Middle Eastern/North African (ME/NA) students at the University of Michigan have faced many difficulties finding representation where they can build community and celebrate their accomplishments. ME/NA students sought opportunities, and strategically gathered resources and support to build a space that recognized who they are. (Photo by Khris Sanchez, 2015) “The Big Ihtifal” was first created in 2015 through the need to recognize the large population of unrecognized ME/NA student graduates. The Office of Academic Multicultural Initiatives (OAMI) supported this student initiative of embracing individuality and culture through celebration and continues to provide an incentive for students to reach their goal of graduation. “Our cultural events celebrate the achievements, commonalities, and differences that characterize the experiences of African/African-American, Arab, Latino/a, and Native communities.” ME/NA graduates at the University of Michigan in Ann Arbor, Dearborn, and Flint continue to come together every academic year to celebrate their accomplishments and embrace their culture through performances, food, and community celebration.

Although this celebration of ME/NA student graduates was a success, student representation on campus is still a continued fight. Recently, a campaign called #WeExist led by Jad Elharake, senior undergrad LSA, Nadine Jawad, senior undergrad in Ford, Yahya Hafez, graduate student in the Arab and Muslim American Studies Program, Ibtihal Makki, first year Pharmacy student, and Evelyn Alsultany, Associate Professor and Director of Arab and Muslim American studies program, has garnered support from the larger campus community to add Middle Eastern/North African identify category on all University forms and surveys that collect demographic data. Over 700 faculty and staff have signed a petition in support of this initiative, recognizing the importance of ME/NA student, staff, and faculty inclusiveness. This data is critical in addressing disparities, developing resources/programs for students, and tracking student, faculty, and staff recruitment and retention rates at the University of Michigan. Furthermore, this identity category would validate the experiences of ME/NA students on campus and acknowledge the unique needs of the community. Favor of creating the identity category was passed by Central Student Government and by LSA Student Government. Students continue to organize in efforts to show the University that they are not an “other” category and that they exist, they are valid, and the identify category box will serve as a symbol of recognition for all ME/NA students, faculty, and staff who have felt silenced and are now breaking barriers.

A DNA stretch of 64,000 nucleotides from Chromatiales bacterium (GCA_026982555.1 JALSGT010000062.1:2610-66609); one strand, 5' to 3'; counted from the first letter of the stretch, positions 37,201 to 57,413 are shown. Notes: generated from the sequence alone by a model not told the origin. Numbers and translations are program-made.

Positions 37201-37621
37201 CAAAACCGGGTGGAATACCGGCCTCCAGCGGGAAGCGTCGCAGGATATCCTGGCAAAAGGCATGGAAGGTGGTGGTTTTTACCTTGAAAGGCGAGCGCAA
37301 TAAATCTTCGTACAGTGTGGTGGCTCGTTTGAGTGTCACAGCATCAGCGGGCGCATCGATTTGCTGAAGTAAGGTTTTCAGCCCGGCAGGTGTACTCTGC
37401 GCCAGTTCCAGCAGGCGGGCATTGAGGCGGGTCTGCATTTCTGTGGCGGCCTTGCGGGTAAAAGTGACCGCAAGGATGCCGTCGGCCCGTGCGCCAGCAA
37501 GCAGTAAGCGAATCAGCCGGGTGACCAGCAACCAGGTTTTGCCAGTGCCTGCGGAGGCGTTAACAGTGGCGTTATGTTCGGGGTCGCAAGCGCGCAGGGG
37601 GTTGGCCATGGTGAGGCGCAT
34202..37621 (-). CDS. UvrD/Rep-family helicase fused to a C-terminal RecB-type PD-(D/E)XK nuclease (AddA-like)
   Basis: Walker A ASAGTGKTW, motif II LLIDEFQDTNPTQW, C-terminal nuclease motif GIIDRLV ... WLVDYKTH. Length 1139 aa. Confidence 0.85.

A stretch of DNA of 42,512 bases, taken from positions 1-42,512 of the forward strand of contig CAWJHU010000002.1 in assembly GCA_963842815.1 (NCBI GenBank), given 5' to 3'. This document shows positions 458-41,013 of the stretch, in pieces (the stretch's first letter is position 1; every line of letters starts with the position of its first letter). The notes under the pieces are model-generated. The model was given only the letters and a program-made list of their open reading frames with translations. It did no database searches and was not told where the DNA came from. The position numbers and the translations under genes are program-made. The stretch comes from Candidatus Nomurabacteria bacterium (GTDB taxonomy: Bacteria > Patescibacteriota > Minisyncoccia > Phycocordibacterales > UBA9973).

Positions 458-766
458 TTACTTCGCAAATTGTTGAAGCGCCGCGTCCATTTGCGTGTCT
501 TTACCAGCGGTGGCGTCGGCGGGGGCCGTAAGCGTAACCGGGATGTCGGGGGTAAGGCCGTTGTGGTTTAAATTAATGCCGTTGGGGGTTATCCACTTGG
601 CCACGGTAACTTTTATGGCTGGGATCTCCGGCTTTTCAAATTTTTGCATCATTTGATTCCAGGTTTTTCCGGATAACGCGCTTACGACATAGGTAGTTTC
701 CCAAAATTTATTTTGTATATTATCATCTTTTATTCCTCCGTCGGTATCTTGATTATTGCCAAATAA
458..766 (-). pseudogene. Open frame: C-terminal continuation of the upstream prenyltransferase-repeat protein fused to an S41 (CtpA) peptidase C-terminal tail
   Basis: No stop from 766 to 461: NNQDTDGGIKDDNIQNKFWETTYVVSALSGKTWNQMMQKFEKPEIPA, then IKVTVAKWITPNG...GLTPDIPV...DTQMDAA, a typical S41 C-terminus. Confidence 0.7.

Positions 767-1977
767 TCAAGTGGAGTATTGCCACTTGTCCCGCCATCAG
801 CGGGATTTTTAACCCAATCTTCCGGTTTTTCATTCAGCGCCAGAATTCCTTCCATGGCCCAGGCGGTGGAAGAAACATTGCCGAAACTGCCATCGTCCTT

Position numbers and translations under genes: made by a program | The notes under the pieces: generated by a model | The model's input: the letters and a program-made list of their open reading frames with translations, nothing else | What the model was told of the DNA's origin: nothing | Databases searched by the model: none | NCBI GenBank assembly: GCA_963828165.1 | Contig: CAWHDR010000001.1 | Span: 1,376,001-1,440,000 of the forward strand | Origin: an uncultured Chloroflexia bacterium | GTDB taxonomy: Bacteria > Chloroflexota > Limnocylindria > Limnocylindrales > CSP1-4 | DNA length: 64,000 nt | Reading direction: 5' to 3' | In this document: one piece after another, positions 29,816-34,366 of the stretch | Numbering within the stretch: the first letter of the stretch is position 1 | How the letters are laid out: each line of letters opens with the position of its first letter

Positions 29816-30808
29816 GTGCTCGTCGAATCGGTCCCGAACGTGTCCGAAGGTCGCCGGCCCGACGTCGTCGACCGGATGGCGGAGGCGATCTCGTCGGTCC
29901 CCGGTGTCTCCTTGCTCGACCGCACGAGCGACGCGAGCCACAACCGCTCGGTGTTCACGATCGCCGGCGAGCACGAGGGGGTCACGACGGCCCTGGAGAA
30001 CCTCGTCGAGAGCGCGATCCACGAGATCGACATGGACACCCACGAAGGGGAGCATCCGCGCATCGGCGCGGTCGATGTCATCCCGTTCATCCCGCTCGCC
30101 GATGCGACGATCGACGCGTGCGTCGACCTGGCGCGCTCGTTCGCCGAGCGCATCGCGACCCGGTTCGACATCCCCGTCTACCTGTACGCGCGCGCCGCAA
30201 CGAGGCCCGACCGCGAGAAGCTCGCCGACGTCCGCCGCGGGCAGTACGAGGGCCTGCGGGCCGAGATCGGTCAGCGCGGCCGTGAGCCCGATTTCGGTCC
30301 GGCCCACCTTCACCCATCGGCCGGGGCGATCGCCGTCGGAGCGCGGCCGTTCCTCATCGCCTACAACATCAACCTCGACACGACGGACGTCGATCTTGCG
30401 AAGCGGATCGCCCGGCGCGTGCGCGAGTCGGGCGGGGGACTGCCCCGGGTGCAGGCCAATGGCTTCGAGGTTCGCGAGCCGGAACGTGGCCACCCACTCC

Boggs, G. (2012). The Next American Revolution: Sustainable Activism for the Twenty-First Century. University California Press. Chapter 1, pages 28-51.

Crenshaw, K. (1993). Intersectionality and Identity Politics, and Violence Against Women. Feminist Theory: A Reader.

Contributors: Thalia Maya